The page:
Mr Holomisa (United Democratic Movement) noted that there were many industries in South Africa creating green house gasses. In addition there were others wanting to relocate to South Africa. He asked what co-operation was happening with the Department of Trade and Industry in monitoring the issue.

Mr Opperman (Democratic Party) asked what sort of monitoring was occurring and whether South Africa was making any progress.

Mr Lengoasa replied that there is no general programme in place within the department with respect to an education and awareness campaign. On the issue of the USA, he acknowledged that it was a bone of contention among the convention members. One of the results of the USA not ratifying the convention was that other developed countries such as Britain were not prepared to either. The next conference of parties would focus on the issue. Replying to the question on monitoring, Mr Lengoasa replied that informal discussions with the DTI had begun around the National Waste Management Strategy. In addition, issues relating to DTI arising from the National Environmental Management Act (NEMA) were being looked at. The first priority was to use the Waste Management Strategy process to clearly define a set of standards, which could then be enforced under NEMA. At present the monitoring was not very effective, and was being done by local authorities on a voluntary basis.

Mr Greyling, from the NGO Globe, noted that the USA position was controlled by a motion from the US parliament, stating that the USA would not ratify unless all countries, whether developed or developing, had equal obligations. At the conference of parties, the USA always had the largest team, often around 150 people, and weighed down the progress and discussions.

The chair thanked Mr Lengoasa for the briefing, and asked Dr Tiba, the Chief Director for Biodiversity and Heritage, to present a briefing on the Biological Diversity issues.

Mr Tiba indicated that his briefing would focus on putting international conventions relating to Biological Diversity in context. He stated that there were four key conventions relating to biodiversity. These were:
The Convention on Biological Diversity
The Ramsar Convention
The Convention on Migratory Species.

The Conservation on Biological Diversity (CBD) was the key convention, and gave sovereign rights to parties over their biodiversity. The convention has three key aims, these being the conservation of biological diversity, the sustainable use of the components of ecological systems, and the fair and equitable sharing of the benefits of biodiversity.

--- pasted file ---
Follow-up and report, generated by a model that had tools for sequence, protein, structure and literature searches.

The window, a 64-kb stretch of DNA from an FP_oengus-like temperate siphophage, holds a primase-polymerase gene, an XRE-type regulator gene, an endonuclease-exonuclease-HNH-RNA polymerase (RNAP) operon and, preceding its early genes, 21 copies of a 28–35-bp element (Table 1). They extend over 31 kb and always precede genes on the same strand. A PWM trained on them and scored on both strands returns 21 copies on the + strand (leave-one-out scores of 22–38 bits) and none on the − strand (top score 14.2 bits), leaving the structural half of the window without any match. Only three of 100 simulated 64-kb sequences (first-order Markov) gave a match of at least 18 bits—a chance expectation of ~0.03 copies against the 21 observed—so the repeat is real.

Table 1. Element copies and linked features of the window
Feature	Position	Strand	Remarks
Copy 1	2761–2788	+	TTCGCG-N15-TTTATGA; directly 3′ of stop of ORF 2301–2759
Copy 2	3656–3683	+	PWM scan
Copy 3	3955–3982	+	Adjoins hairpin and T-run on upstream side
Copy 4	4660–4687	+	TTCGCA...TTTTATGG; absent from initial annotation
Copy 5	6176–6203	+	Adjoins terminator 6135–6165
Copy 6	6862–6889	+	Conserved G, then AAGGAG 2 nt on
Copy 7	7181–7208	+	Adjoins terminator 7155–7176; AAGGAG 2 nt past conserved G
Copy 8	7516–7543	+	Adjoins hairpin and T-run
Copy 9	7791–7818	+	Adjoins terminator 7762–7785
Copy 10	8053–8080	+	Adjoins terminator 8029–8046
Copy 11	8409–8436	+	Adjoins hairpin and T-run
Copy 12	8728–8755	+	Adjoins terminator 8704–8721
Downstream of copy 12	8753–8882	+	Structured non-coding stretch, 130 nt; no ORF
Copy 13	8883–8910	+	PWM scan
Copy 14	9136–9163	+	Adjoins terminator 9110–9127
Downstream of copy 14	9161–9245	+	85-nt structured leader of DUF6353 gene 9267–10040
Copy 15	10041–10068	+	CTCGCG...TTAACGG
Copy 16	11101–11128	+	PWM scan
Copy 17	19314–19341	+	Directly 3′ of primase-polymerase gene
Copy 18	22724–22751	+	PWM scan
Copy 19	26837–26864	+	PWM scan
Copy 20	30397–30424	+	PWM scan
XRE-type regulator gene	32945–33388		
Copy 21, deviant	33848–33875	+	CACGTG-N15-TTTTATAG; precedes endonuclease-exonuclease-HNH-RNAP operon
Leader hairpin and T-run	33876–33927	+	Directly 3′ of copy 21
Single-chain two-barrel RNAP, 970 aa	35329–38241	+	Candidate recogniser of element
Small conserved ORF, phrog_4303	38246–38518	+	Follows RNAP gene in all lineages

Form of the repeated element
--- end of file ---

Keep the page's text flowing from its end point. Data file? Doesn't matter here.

The white Paper on Biodiversity and the Sustainable use of Natural Resources was the key guide for South Africa policy. The white paper establishes six key aims. The first is the conservation of landscapes, ecosystems, species and genetic material that contribute to biodiversity. The second aim is the sustainable use of the resources while minimising adverse affects. Thirdly, benefits of the resources need to be analysed. Fourthly, the expansion of human capacity to utilise resources. The fifth aim is to create conditions and incentives for conservation policies. Finally, to co-operate and related to the international community.

In implementing the White Paper, many projects were being undertaken outside of the Department of Environmental Affairs and Tourism. These include the working for Water Project, the Genetically Modified organisms act, the Indigenous Knowledge programme, the Foresight Project, and the Community Based natural resources Project.

Within the Department of Environmental Affairs and Tourism, there was a CITES project, a Clearing House mechanism, a biodiversity strategy and action plan, with envisaged legislation, and a systematic reclassification of protected areas.

The Chair noted that the meeting was well timed in terms of lobbying for funding, as they constituted a large lobby group. The Chair welcomed the Director General to the meeting.

Mr September (African National Congress) noted the concern over genetically engineered foods, and suggested that maybe the Portfolio Committee should be briefed on the issue.

The Department stated they would be happy to provide more information on the issue.

The chair took a further round of questions from the members. A representative from GLOBE introduced the organisation briefly, before the meeting was closed.